Other Protections for Employees Who Take Time Off Because They Have COVID-19
Regardless of disability status, job protections may exist to the extent that the infected employee took time off from work. For example, the Emergency Paid Sick Leave Act under the federal FFCRA provides eligible employees with up to 80 hours paid sick leave for COVID-19-related reasons. Many states and localities have also passed leave laws for those impacted by COVID-19.
New Jersey, for instance, enacted a new law that provides job protection for time taken off from work in connection with infectious disease, such as COVID-19, during the public health emergency and state of emergency declared by the governor in Executive Order 103.
Specifically, the law prohibits employers from terminating or refusing to reinstate an employee if the employee requests or takes time off from work based on a recommendation from a medical professional because the employee has, or is likely to have, an infectious disease that may infect others in the workplace. Additionally, job-protected leave may also be available to employees infected with COVID-19 under the New Jersey Earned Sick Leave Law.
What Should Employers Do?
As different jurisdictions will have a different take on whether COVID-19 constitutes a disability, you must review any state and local guidance issued in your area to understand whether government agencies and/or the courts are likely to deem COVID-19 infection a disability under the law.
In New Jersey, the state at issue in Worthy's lawsuit, if an employee provides medical documentation to support a COVID-19-related leave of absence, the company must provide leave for the period recommended by the employee's health care provider. Importantly, once the employee is cleared to return to work and is no longer at risk of infecting others with the virus, the company should permit the employee to return to work without any changes in the terms and conditions of employment.
To the extent the company is considering terminating an employee who is on, or has recently returned from, a COVID-19-related absence, the company cannot base its decision in whole or in part on the fact that the employee was infected with COVID-19 or took a leave of absence because they were infected.
Retaliation claims are often the most prevalent type of charge filed against employers in EEOC proceedings, so the fact that there have been so many of them filed against employers should not be surprising. A number of them, however, have been filed against health care employers given the unique role this industry is playing in the current crisis.
Whistleblower Cases Can Teach Health Care Employers How to Proactively Manage COVID-19 Risks
Because the COVID-19 pandemic has increased the focus on health and safety issues, it is now more likely that a terminated employee had some role in actively voicing their opinion about health and safety compliance. As a result, it may now be easier for them to claim they were a whistleblower.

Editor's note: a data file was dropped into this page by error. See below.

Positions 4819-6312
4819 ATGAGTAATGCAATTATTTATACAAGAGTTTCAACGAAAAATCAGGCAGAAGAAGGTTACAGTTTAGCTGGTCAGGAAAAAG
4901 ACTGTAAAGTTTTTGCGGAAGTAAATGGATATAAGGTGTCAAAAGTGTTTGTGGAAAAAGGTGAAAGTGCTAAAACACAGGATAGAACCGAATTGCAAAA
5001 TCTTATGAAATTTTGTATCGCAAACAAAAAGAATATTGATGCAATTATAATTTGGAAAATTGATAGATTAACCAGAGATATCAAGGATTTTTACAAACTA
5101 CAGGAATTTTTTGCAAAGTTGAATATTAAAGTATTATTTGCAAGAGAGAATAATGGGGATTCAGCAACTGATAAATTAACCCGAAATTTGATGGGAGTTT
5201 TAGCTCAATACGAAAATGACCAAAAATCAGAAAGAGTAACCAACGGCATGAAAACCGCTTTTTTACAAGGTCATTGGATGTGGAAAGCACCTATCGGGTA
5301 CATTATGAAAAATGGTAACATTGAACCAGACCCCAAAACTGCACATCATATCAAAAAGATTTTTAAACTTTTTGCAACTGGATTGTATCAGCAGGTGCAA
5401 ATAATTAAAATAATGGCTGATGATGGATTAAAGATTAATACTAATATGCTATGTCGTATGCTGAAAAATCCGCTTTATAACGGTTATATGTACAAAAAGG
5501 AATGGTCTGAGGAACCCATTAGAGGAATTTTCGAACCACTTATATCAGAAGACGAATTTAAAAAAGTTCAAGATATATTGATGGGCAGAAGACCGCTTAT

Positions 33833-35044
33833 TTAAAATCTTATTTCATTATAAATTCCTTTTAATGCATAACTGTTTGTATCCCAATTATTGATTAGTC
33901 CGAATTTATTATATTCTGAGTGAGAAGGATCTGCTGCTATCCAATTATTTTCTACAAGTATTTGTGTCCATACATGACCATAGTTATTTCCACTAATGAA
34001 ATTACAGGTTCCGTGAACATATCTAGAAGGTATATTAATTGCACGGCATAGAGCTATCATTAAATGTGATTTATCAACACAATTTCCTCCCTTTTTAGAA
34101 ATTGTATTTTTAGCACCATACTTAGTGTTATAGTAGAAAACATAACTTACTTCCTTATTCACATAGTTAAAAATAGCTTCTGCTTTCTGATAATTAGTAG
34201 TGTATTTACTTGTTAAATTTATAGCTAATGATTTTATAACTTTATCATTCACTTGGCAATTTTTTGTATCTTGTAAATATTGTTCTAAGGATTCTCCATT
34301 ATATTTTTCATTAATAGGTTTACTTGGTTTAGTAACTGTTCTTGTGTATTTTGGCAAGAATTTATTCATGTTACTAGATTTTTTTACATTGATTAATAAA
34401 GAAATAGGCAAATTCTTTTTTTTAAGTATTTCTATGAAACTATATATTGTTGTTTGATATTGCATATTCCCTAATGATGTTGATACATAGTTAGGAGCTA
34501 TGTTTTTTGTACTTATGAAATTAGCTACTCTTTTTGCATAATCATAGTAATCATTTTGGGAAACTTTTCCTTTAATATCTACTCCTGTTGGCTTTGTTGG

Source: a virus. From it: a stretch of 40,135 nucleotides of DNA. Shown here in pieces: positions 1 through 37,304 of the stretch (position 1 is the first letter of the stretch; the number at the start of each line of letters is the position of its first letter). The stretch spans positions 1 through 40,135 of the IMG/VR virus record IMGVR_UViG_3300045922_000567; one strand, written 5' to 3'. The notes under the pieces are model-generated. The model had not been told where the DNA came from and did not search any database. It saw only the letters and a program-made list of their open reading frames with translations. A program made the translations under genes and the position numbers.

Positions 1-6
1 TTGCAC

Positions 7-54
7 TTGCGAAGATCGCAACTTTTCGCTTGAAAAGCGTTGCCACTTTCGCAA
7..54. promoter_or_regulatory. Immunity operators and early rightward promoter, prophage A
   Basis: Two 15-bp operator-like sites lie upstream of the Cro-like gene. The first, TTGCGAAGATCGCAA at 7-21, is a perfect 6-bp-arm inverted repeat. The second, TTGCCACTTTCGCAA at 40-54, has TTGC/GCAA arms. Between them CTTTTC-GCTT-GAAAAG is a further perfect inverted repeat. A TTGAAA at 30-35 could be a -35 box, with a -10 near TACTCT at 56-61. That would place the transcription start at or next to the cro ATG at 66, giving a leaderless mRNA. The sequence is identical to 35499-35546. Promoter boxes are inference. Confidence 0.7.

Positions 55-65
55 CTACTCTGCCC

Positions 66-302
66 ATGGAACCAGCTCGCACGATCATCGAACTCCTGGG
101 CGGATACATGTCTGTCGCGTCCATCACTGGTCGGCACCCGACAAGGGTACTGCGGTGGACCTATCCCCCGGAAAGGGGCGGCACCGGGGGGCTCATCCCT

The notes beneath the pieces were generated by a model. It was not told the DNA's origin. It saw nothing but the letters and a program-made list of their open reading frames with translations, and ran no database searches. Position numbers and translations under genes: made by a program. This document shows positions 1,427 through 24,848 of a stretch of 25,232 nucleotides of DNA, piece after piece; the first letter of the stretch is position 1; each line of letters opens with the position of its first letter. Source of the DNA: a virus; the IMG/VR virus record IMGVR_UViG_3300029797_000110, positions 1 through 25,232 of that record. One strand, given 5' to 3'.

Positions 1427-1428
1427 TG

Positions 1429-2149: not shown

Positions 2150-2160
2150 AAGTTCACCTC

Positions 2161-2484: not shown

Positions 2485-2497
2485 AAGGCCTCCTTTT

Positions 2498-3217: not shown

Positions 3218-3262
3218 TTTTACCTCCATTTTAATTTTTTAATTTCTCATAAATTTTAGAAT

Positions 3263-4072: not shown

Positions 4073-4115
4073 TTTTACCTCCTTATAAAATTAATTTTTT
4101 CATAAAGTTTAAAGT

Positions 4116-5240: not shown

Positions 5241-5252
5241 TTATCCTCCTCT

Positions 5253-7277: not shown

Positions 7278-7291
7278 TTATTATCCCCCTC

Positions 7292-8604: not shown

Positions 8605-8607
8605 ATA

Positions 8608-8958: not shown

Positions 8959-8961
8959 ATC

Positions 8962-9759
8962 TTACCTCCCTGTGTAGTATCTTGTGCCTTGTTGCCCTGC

In this context, the best defense is a good offense: Health care employers should already be taking precautions to address the whistleblower's complaints and be able to document this to defend against the claims.
Steps to Proactively Address the Risks
To minimize the risk of a whistleblower lawsuit — and to increase the chances of successfully defending such a claim — employers should take the following proactive steps.
First, health care employers should take a strong and vocal stance in communicating their commitment in following all applicable federal, state and local guidelines relating to the health and safety of employees and patients.
Second, the company should actively engage with employees who raise any questions about health and safety matters.
Finally, the company should swiftly and directly confront any employees who violate its health and safety policies and practices.
Melissa Camire is a partner at Fisher Phillips.
Richard R. Meneghello is a partner and senior director of content at the firm.
Kristen Nesbit is a partner at the firm.
This article is excerpted from Practical Guidance, a comprehensive practice resource that includes practice notes, checklists, and model annotated forms drafted by experienced attorneys to help lawyers effectively and efficiently complete their daily tasks. For more information on Practical Guidance or to sign up for a free trial, please click here.
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The opinions expressed are those of the author(s) and do not necessarily reflect the views of the firm, its clients, or Portfolio Media Inc., or any of its or their respective affiliates. This article is for general information purposes and is not intended to be and should not be taken as legal advice.
 The unabridged version of this practice note addresses the following additional topics: Wage and Hour Matters (Moderate Number of Claims – 32 Cases); Unsafe Workplace Allegations (Moderate Number of Claims – 31 Cases); CARES Act Claims (Lowest Number of Claims – 19 Cases); Wrongful Death Claims (Lowest Number of Claims – 14 Cases); Breach of Contract Allegations (Lowest Number of Claims – 11 Cases); Non-competition/Trade Secret Claims (Lowest Number of Claims – 10 Cases); WARN Act Matters (Lowest Number of Claims – 7 Cases).
 No. 2:20-cv-01927 (E.D. Pa. April 16, 2020).
 29 U.S.C. § 2611(4)(A)(ii).
 No. OCN-L-1409-20 (Superior Court of New Jersey, Ocean County).
 See CDC Frequently Asked Questions.
 See Ask the EEOC.
 N.J.S.A. 10:5-5-q.
 NJ Assembly Bill 3848.